While the traditional understanding of the look views it in terms of shame and oppression, I read Sartre's Notebooks for an Ethics with Beauvoir's Ethics of Ambiguity to argue that the look always gives me the world and inaugurates my freedom. Even the oppressor's look reveals that I am free and that my existence is conditioned by the existence of other free beings. Because the look gives me the world as the arena within which I act freely, it is a means of grace, and receiving it only in shame is bad faith. Although my existence remains unjustifiable and this grace cannot promise salvation, the look calls me out of shame to the pursuit of my and others’ freedom, and this call is a gift.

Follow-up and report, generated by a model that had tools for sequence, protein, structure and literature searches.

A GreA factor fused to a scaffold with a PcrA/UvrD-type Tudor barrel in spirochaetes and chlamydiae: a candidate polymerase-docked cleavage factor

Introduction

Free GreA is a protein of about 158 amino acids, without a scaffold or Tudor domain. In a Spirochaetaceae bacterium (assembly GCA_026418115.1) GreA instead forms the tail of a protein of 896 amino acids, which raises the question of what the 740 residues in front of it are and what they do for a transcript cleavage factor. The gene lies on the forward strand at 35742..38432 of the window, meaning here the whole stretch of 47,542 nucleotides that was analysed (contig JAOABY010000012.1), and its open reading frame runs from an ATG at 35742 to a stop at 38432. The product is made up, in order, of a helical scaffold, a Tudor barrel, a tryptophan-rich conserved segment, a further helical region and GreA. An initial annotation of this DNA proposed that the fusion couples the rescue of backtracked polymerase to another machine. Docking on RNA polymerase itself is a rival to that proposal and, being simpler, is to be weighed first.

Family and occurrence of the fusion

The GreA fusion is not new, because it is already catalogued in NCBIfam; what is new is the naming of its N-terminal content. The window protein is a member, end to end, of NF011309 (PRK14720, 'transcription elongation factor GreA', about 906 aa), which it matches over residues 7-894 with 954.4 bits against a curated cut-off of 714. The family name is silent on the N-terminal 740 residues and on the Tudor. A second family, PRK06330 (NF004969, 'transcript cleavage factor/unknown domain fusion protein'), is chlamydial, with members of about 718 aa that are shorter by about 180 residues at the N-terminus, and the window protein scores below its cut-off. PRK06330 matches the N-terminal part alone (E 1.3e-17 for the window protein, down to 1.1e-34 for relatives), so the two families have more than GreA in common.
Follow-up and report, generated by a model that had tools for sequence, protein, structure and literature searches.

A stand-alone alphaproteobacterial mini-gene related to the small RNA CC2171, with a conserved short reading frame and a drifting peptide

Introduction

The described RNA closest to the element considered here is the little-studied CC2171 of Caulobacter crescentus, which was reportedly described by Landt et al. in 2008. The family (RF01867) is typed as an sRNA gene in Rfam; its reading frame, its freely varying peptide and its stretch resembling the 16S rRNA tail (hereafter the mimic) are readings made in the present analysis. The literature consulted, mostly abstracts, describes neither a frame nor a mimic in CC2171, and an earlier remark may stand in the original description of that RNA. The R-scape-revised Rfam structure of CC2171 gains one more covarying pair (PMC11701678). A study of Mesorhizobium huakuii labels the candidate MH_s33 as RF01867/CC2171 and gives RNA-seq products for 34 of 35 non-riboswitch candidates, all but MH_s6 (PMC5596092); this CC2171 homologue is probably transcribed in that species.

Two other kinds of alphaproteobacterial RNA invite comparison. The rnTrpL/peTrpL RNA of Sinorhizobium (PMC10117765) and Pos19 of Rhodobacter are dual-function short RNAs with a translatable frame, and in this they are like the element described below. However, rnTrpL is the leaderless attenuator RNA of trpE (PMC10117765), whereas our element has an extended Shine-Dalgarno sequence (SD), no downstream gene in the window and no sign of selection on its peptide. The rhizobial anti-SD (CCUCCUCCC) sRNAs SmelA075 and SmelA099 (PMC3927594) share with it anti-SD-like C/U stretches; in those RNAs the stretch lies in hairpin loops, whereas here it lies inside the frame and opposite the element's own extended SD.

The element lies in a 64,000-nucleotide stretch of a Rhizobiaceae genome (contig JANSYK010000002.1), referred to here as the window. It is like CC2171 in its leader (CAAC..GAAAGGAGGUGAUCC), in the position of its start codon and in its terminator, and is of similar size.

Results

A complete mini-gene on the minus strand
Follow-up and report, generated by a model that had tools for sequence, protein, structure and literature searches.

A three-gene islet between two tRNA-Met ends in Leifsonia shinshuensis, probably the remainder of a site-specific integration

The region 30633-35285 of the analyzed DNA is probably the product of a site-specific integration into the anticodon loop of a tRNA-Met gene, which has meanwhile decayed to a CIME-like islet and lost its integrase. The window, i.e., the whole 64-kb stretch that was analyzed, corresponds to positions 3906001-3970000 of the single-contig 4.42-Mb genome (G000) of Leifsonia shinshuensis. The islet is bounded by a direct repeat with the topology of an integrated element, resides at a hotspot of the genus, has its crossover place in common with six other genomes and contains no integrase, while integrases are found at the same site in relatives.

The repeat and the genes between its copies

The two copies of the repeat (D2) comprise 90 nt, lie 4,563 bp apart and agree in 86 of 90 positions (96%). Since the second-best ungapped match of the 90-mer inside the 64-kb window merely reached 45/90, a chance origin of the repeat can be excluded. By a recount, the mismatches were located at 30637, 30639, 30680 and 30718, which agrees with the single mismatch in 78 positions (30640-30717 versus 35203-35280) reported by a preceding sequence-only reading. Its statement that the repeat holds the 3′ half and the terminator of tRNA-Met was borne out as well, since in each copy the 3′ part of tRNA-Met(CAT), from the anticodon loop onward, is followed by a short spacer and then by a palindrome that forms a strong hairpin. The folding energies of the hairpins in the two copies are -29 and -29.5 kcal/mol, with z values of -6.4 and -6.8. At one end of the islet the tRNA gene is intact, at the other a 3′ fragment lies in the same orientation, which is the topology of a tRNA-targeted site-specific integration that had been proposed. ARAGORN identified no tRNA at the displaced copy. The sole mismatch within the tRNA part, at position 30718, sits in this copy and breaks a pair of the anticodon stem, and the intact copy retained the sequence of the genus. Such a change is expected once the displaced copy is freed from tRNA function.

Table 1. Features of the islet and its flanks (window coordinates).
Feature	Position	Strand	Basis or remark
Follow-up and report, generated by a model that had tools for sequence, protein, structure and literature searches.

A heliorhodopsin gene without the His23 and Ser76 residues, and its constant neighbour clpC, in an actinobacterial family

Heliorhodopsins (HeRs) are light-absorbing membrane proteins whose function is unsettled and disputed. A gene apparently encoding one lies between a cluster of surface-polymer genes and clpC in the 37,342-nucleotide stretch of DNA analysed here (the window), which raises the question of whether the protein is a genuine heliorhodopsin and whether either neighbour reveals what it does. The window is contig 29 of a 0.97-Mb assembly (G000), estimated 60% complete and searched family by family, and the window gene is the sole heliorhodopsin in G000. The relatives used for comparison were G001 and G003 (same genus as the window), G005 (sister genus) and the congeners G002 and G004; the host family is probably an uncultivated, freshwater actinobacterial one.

Sarah Horton received the Ph.D. in Philosophy from Boston College. She is completing a book on friendship, and her research deals with questions of risk, discernment, and ethical responsibility. She specializes in ethics and 19th- and 20th-century Continental philosophy, and her articles have appeared in journals including Continental Philosophy Review and Epoché. In addition, she is co-editor, along with Stephen Mendelsohn, Christine Rojcewicz, and Richard Kearney, of Somatic Desire: Recovering Corporeality in Contemporary Thought (Lanham, MD: Lexington Books, 2019).